Editor's note: This select print feature originally appeared in the December 2016 issue of MReport magazine.
Lawrence Yun has been Chief Economist and SVP of Research at the National Association of Realtors since 2008. In this position, Yun oversees and is responsible for a wide range of research activity for the association, including NAR’s Existing Home Sales statistics, Affordability Index, and Home Buyers and Sellers Profile Report. He regularly provides commentary on real estate market trends for 1 million Realtor members. Yun spoke with MReport about some of his predictions for housing in the coming year.
M // What do you predict for 2017?
YUN // We’ve had a shortage in housing supply this year. We had it last year. The shortage intensified this year based on the months’ supply or inventory availability. Going into 2017, I think there will be just a slight improvement in inventory, but nothing dramatic, which means that the market will still favor sellers over buyers in 2017.
M // Do you think that the demand is going to stay strong?
YUN // The demand increases have been moderate, so it has not been a very robust recovery in home sales. I think that existing home sales should be able to crank out another gain in 2017—a very low single-digit percentage. New home sales will possibly reach a double-digit percentage gain in 2017 just because builders have the incentive to build more, given the inventory shortage. I don’t foresee builders having any problems selling the new inventory. New home construction could experience anywhere from a 5 to 10 percent increase in single-family housing starts. That will alleviate some of the supply problem. It’s not going to be a total return to a balanced market condition, but certainly moving in the right direction.
M // What role do you think first-time buyers will play in the market next year?
YUN // I hope we see a meaningful increase in first-time buyers in 2017. The latest monthly report shows some encouraging signs, but I hope that is the trend in 2017. The consistent job creation and the pickup in wages should set the basis for first-time buyers picking up in 2017, but from a broad social point of view, we have had a 50-year low homeownership rate recently, and the only way to stop that bleeding is for first-time buyers to step in. They have been stepping in at a faster rate in the last month. Is it a one month thing or this is the beginning of an upswing? That remains to be seen.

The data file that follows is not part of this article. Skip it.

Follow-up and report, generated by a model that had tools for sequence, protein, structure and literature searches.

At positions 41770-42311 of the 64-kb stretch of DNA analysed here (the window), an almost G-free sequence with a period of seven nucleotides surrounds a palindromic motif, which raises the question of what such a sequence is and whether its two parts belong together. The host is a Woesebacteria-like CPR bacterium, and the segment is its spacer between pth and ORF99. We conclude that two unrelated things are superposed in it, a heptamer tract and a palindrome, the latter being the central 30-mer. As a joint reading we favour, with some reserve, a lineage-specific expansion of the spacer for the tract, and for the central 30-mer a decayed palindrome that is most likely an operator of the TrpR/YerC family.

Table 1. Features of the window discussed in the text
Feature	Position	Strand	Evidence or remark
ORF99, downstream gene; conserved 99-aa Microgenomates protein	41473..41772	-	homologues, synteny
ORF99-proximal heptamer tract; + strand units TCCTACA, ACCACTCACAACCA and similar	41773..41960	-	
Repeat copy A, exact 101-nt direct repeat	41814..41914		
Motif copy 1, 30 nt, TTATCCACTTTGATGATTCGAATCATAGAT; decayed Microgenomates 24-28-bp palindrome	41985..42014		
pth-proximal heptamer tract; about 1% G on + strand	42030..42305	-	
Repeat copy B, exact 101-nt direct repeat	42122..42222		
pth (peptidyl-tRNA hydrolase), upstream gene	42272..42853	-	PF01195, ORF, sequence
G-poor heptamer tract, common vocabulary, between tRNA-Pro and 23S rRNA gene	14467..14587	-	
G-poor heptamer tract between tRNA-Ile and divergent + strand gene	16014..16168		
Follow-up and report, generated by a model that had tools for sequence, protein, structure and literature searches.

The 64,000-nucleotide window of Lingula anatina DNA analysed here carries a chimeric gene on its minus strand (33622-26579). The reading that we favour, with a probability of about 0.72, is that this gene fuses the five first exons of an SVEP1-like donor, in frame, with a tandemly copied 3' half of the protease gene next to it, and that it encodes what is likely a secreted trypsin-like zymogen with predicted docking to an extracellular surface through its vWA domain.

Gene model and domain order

M // You have been with NAR for 16 years now and Chief Economist for eight years. Since this is our diversity and inclusion issue, what has been your experience as a minority man in this industry?
YUN // People may have certain perceptions that may not be visible at the first meeting, but once we go into the discussion of the numbers, the Realtors or the people in the real estate industry have been very receptive and open to hearing the analysis that I provide. So I feel very fortunate.
M // Do you have a mentor or mentors that helped you get where you are in your career?
YUN // My many colleagues. We have a constant discussion about economic issues, and our CEO at NAR, Dale Stinton, certainly provides vision. Regarding technical application or expertise, they rely on me to crank that out, but at least regarding the vision, it’s the CEO that provides it. Having very good colleagues just to discuss what’s happening in the economy, or asking or discussing why the housing market is moving a certain way just facilitates a new insight and a new angle to look into. So I feel very fortunate to have a talented group of colleagues and economists on my staff.